Purpose. The clinical utility of plasma methylated septin 9 (mSEPT9) DNA in screening and recurrence monitoring for colorectal cancer (CRC) is highly promising. The present study was performed to determine the diagnostic value of mSEPT9 in CRC detection and recurrence monitoring in Chinese patients. Methods. Overall, 616 patients newly diagnosed with CRC and 122 individuals with no evidence of disease were recruited from October 1, 2019, to May 31, 2021, at Fujian Medical University Union Hospital. Plasma and serum samples were collected for analyzing mSEPT9, carcinoembryonic antigen (CEA), and carbohydrate antigen-19-9 (CA19-9). Data on clinicopathological characteristics were collected and analyzed. Sensitivity and specificity were calculated to evaluate the diagnostic potential of each marker; the receiver operating characteristic (ROC) curve was applied for the assessment of diagnostic value, and comparisons among mSEPT9, CEA, CA19-9, and their combination were assessed via ROC curves. Results. mSEPT9 achieved an overall sensitivity and specificity of 72.94% and 81.97%, respectively, with an area under the curve (AUC) value of 0.826, which were higher than those of CEA (sensitivity: 43.96%; specificity: 96.72%; AUC: 0.789) and CA19-9 (sensitivity: 14.99%; specificity: 96.61%; AUC: 0.590). The combination of mSEPT9, CEA, and CA19-9 further improved sensitivity, specificity, and AUC value (sensitivity: 78.43%; specificity: 86.07%; AUC: 0.878), respectively. Notably, the mSEPT9 positivity rate was significantly associated with TNM stage, T stage, N stage, tumor size, vascular invasion, and nerve invasion among patients with CRC. A 100% correlation was observed between the positive results of the mSEPT9 test and recurrence or metastasis in patients after therapeutic intervention. Conclusion. Our findings suggest that mSEPT9 may represent a potential biomarker for the diagnosis and prognosis of CRC compared with CEA and CA19-9. Postoperative mSEPT9 status may represent the first noninvasive marker of CRC recurrence or metastasis.

1. Introduction

Colorectal cancer (CRC) is the third-most common malignancy worldwide, with more than 1,800,000 diagnosed CRC cases and 881,000 deaths reported in 2018 [1]. In China, the incidence and mortality rates of CRC both rank fifth among those of all malignant cancers [2]; the incidence and mortality rates of CRC are predicted to increase along with the development of economy and the Westernization of lifestyle. Therefore, early diagnosis of CRC is crucial to improve patient outcomes. Currently, several conventional methods, such as the fecal occult blood test, colonoscopy, and computed tomography (CT) tests, are available to diagnose CRC; however, these approaches contain several limitations, such as low sensitivity, low specificity, invasiveness, or high cost, which restrict their clinical application [36]. In contrast, surgical approach represents the best treatment option for patients with CRC; however, recurrence or persistence after resection is associated with severe prognosis [7]. Approximately 30–50% of patients who undergo curative resection of CRC show CRC recurrence or metastasis [8]. An optimal surveillance protocol for CRC includes CT scans, colonoscopy, and serum carcinoembryonic antigen (CEA) level measurement, which has low sensitivity and specificity. Therefore, the development of patient-friendly and less invasive approaches with high sensitivity and specificity is imperative to improve patient outcomes.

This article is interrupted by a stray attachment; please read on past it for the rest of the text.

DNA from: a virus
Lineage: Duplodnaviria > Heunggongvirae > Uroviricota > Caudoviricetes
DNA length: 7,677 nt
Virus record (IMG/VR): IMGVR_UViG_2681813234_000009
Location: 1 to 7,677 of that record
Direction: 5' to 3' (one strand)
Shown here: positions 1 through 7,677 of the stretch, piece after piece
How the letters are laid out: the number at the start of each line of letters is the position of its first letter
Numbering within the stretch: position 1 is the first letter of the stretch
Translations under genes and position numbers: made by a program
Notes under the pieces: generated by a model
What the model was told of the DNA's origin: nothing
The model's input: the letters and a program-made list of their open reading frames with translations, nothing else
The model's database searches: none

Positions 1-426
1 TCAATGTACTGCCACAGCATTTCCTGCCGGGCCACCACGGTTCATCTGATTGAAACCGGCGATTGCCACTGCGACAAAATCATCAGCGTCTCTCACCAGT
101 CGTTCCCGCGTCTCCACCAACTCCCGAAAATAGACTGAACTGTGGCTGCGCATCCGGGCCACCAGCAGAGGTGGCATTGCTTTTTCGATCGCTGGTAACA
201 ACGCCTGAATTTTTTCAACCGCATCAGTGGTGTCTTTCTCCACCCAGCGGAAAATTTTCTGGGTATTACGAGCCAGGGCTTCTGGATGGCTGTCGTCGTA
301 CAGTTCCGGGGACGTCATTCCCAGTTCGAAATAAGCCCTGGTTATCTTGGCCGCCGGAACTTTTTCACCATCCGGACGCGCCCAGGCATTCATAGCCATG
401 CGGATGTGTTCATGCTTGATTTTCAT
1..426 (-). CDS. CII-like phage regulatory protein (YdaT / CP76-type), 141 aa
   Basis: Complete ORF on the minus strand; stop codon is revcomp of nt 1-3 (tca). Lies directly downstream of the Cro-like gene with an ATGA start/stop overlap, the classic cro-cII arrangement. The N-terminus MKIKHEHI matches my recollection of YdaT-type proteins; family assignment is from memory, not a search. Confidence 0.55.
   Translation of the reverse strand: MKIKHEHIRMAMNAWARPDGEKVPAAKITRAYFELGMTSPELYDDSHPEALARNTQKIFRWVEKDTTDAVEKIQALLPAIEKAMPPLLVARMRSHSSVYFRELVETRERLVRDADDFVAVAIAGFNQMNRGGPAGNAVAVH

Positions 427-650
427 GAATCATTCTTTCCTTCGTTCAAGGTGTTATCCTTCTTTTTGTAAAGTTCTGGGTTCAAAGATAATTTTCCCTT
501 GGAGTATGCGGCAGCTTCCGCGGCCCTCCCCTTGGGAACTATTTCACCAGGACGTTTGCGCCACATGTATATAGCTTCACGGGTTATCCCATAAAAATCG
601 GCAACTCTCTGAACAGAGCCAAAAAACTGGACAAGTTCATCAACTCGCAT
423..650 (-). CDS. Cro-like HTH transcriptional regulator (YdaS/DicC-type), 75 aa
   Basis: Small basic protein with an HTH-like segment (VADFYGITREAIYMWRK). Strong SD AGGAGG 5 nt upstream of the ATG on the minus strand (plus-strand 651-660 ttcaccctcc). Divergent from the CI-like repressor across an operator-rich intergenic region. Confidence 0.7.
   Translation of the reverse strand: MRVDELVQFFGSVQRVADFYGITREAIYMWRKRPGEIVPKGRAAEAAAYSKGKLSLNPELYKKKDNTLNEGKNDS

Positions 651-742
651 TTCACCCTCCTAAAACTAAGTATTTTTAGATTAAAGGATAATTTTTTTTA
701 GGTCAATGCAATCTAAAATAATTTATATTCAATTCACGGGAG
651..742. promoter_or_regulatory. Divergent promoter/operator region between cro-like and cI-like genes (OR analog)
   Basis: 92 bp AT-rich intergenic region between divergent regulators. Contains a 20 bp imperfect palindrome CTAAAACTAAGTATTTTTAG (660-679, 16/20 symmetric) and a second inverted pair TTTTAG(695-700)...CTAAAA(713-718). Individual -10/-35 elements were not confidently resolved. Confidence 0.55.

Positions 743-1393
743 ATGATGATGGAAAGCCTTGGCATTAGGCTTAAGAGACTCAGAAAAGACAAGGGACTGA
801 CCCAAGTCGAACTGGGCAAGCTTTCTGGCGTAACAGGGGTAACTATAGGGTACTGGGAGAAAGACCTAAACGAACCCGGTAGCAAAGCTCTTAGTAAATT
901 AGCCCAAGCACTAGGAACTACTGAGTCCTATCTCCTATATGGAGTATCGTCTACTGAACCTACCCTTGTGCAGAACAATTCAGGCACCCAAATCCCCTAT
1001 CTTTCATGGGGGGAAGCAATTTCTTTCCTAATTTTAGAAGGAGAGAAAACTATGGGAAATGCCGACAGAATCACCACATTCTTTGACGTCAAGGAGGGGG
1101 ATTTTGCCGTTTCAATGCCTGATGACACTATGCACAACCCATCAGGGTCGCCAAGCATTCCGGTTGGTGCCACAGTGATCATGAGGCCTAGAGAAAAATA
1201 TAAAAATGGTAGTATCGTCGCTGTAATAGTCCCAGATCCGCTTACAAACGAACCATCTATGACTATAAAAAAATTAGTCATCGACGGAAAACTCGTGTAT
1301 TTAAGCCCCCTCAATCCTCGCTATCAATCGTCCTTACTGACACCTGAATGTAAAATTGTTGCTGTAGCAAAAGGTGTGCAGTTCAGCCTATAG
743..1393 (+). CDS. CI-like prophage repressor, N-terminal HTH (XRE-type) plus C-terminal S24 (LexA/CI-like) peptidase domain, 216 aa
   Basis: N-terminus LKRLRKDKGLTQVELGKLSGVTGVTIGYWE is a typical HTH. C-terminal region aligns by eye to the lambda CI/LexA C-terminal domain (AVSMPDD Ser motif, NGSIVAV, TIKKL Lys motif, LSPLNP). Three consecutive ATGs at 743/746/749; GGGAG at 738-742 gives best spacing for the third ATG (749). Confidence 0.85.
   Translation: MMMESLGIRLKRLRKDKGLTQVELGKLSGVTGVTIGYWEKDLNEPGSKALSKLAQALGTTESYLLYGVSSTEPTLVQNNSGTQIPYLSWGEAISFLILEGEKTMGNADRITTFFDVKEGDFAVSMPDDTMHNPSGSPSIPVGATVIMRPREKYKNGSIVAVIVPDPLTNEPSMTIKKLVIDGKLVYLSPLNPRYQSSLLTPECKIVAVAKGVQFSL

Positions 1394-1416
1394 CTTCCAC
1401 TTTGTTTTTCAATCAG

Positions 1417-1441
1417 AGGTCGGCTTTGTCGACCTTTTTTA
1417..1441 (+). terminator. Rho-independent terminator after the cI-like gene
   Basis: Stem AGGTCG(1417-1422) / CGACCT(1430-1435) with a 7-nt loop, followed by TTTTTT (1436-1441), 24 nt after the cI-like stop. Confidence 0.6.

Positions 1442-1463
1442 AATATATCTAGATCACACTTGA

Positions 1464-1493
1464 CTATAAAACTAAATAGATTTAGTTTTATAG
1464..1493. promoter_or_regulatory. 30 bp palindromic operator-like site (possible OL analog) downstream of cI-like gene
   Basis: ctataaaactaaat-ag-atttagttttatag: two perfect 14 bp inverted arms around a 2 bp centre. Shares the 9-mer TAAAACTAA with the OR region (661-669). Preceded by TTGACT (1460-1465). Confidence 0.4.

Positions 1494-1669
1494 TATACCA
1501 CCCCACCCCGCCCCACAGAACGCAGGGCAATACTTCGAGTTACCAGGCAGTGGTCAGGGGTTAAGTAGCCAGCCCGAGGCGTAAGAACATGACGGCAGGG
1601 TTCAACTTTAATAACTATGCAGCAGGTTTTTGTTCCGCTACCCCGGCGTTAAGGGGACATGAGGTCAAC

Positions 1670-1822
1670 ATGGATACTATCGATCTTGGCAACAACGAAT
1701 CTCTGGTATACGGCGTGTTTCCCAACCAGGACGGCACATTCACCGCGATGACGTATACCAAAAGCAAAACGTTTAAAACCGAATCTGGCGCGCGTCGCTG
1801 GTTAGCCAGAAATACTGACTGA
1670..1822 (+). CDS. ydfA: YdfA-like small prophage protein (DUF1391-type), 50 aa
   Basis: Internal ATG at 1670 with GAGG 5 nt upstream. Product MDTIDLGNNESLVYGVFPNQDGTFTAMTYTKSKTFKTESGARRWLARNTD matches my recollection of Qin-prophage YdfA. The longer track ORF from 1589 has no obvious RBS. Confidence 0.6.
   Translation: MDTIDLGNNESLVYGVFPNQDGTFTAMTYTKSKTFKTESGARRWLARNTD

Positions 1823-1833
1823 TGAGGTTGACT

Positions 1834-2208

Septin 9 DNA which encodes GTP-binding proteins plays an important role in the occurrence and progression of CRC [9]. Methylated septin 9 DNA (mSEPT9) has been detected in almost all CRC tissues [10]. Recently, studies have shown that mSEPT9 represents a promising biomarker for CRC detection. Studies have shown that the rate of SEPT9 methylation in peripheral blood of patients with CRC is related to clinicopathological features; for example, SEPT9 methylation is positively correlated with the malignancy of CRC [1113]. After radical resection of colorectal cancer, the level of mSEPT9 in peripheral blood decreases; however, the level increases after recurrence, suggesting that mSEPT9 in peripheral blood can be used for evaluating the pathological stages of CRC and may represent a molecular biological indicator for evaluating prognosis, recurrence, and metastasis [14, 15]. However, the reported sensitivity and specificity values of plasma mSEPT9 are highly variable across studies, with the sensitivity ranging from 50.9–93.1% and specificity ranging from 62.2–93.8% [16, 17]. This may be attributed to the relatively small sample size. For example, the patient sample sizes in the studies were all less than 300, which may be insufficient for accurately assessing the prognostic value of mSEPT9 in CRC.